Centre says forest cover rising, triggers a debate
Union environment minister Prakash Javadekar, who released the report on Monday, said India is among very few countries that may be recording an increase in forest cover.Updated: Dec 31, 2019 06:37 IST
India recorded a 0.56% improvement in its forest cover since 2017, taking total forest cover to 21.67% of India’s geographical area, the India State of Forest 2019 report released on Monday said, although experts expressed concerns about plantations being included in the definition of forests and the relative youth of many of the country’s forests.
Union environment minister Prakash Javadekar, who released the report on Monday, said India is among very few countries that may be recording an increase in forest cover.
“The report gives us confidence that we are on track to achieve its commitment under the Paris Agreement of creating an additional carbon sink of 2.5 to 3 billion tonnes of carbon dioxide (CO2) by 2030,” he said.
Still, the overall marginal increase in forest cover masks loss of forests inside recorded forest areas, which include reserve forests, protected forests and other forested areas in government records. An assessment of forest cover in the tribal districts of India shows a major loss of 741 sq km inside recorded forest areas in these districts since 2017.
The data also masks the massive loss of forests in several north-eastern states, including Manipur, Arunachal Pradesh and Mizoram.
A deeper look at state-wise forest data shows that most states have younger and smaller trees and a very low number of large, old trees -- an indication, experts said, that these trees may not belong to native species but are a result of recent plantation drives.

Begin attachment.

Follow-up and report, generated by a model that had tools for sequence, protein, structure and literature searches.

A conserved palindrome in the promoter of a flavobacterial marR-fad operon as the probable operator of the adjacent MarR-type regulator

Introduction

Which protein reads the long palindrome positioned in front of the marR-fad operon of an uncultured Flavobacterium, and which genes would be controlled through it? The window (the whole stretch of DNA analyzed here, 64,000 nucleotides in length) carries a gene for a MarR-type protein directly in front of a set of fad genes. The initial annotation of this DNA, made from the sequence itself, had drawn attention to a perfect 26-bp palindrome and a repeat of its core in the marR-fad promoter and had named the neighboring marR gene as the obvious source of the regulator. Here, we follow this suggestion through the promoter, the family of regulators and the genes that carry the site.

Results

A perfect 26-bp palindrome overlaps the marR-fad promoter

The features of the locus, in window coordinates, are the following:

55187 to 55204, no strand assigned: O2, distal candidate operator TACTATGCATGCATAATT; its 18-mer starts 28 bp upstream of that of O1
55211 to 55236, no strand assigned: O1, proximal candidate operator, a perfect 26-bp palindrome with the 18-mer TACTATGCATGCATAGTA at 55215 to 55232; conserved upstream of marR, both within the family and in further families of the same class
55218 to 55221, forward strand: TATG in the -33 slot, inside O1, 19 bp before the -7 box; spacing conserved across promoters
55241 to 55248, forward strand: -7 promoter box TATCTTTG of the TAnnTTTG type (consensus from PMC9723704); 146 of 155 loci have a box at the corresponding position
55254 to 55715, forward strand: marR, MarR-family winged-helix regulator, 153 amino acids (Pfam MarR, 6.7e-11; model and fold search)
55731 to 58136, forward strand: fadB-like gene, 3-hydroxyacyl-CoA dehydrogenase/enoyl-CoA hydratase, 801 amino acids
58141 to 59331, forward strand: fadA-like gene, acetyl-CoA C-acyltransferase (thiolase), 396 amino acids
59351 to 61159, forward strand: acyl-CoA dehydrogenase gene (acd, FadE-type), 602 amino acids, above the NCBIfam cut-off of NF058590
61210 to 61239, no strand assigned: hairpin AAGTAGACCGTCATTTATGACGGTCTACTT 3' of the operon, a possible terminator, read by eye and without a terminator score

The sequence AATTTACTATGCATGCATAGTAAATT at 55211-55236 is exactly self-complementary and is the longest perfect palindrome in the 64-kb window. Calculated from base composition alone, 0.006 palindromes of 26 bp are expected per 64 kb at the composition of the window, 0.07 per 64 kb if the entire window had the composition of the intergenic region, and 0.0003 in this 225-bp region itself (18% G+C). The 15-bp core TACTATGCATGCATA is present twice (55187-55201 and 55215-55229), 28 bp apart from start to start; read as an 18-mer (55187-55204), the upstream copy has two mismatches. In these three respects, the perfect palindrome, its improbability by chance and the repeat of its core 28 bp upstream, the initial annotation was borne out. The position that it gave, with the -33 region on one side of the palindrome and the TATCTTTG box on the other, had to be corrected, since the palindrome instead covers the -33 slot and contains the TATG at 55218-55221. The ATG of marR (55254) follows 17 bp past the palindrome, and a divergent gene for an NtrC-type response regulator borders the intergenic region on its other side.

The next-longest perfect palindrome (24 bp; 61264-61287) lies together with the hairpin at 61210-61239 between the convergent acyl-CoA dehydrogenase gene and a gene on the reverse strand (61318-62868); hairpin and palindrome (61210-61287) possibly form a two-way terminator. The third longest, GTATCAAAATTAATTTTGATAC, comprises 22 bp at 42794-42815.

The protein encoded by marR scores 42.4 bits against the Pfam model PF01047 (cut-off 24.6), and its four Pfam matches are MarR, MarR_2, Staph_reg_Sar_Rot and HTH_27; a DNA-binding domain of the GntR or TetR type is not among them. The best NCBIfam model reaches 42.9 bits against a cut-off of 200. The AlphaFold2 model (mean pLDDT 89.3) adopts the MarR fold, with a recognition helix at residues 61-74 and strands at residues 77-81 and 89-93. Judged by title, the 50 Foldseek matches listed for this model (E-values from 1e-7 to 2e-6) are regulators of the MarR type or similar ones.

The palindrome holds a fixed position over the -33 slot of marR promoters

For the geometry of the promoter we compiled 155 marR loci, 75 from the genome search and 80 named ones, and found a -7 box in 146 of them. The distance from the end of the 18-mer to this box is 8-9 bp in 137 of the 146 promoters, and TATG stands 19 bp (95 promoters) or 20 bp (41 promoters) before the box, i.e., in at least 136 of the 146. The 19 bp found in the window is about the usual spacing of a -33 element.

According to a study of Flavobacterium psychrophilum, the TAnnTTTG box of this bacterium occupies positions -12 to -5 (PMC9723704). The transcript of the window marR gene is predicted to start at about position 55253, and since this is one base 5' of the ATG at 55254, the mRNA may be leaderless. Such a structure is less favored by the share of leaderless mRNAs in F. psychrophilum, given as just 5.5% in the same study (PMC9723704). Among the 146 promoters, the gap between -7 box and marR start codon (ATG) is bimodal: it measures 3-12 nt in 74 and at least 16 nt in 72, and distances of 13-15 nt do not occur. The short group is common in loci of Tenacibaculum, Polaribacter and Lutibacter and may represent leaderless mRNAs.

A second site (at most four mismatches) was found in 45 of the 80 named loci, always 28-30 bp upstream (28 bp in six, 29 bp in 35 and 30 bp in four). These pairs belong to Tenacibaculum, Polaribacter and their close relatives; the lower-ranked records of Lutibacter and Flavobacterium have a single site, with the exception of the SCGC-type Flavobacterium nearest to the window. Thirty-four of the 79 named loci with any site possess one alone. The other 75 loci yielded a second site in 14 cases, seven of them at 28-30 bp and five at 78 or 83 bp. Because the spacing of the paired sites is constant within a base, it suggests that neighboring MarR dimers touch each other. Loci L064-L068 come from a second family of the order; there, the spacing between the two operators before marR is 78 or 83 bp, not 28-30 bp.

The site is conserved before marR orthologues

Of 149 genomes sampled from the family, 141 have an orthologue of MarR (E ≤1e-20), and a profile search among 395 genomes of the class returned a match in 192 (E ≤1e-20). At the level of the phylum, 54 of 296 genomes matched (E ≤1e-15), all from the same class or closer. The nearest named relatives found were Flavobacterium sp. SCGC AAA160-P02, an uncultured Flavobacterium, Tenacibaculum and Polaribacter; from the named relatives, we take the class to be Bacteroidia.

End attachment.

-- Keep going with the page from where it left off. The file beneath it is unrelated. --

“Forest and trees are not the same. We consider even Eucalyptus plantations to be forests because the definition of forest cover is replaced by definition of green cover. The government has played with the definition,” said Vijay Dhasmana, a naturalist.
The definition of forest considered by the Forest Survey of India (FSI), which prepares this biennial report based predominantly on satellite data, gives an “erroneous” impression, according to scientists and forestry experts. FSI says the report considers all lands having trees more than one hectare in area with tree canopy density of more than 10%, irrespective of ownership, legal status of land, and species composition of trees, including orchards, palms, etc. Due to this, palm and other plantations also reflect in the survey and are counted as forests by FSI.
“The tree girth size has been monitored in many places during ground-truthing exercise, so how can plantations be counted?” asked Javadekar during the release of the report.
Karnataka, Andhra Pradesh, Kerala, Jammu and Kashmir and Himachal Pradesh recorded the highest increase in forest and tree cover while Arunachal Pradesh, Manipur, Mizoram, Meghalaya recorded the highest losses.
Javadekar said the total forest and tree cover of the country is 80.73 million hectare, which is 24.56% of the geographical area of the country. “Out of this, the increase in the forest cover has been observed as 3,976 sq km and that in tree cover is 1,212 sq km.” he said.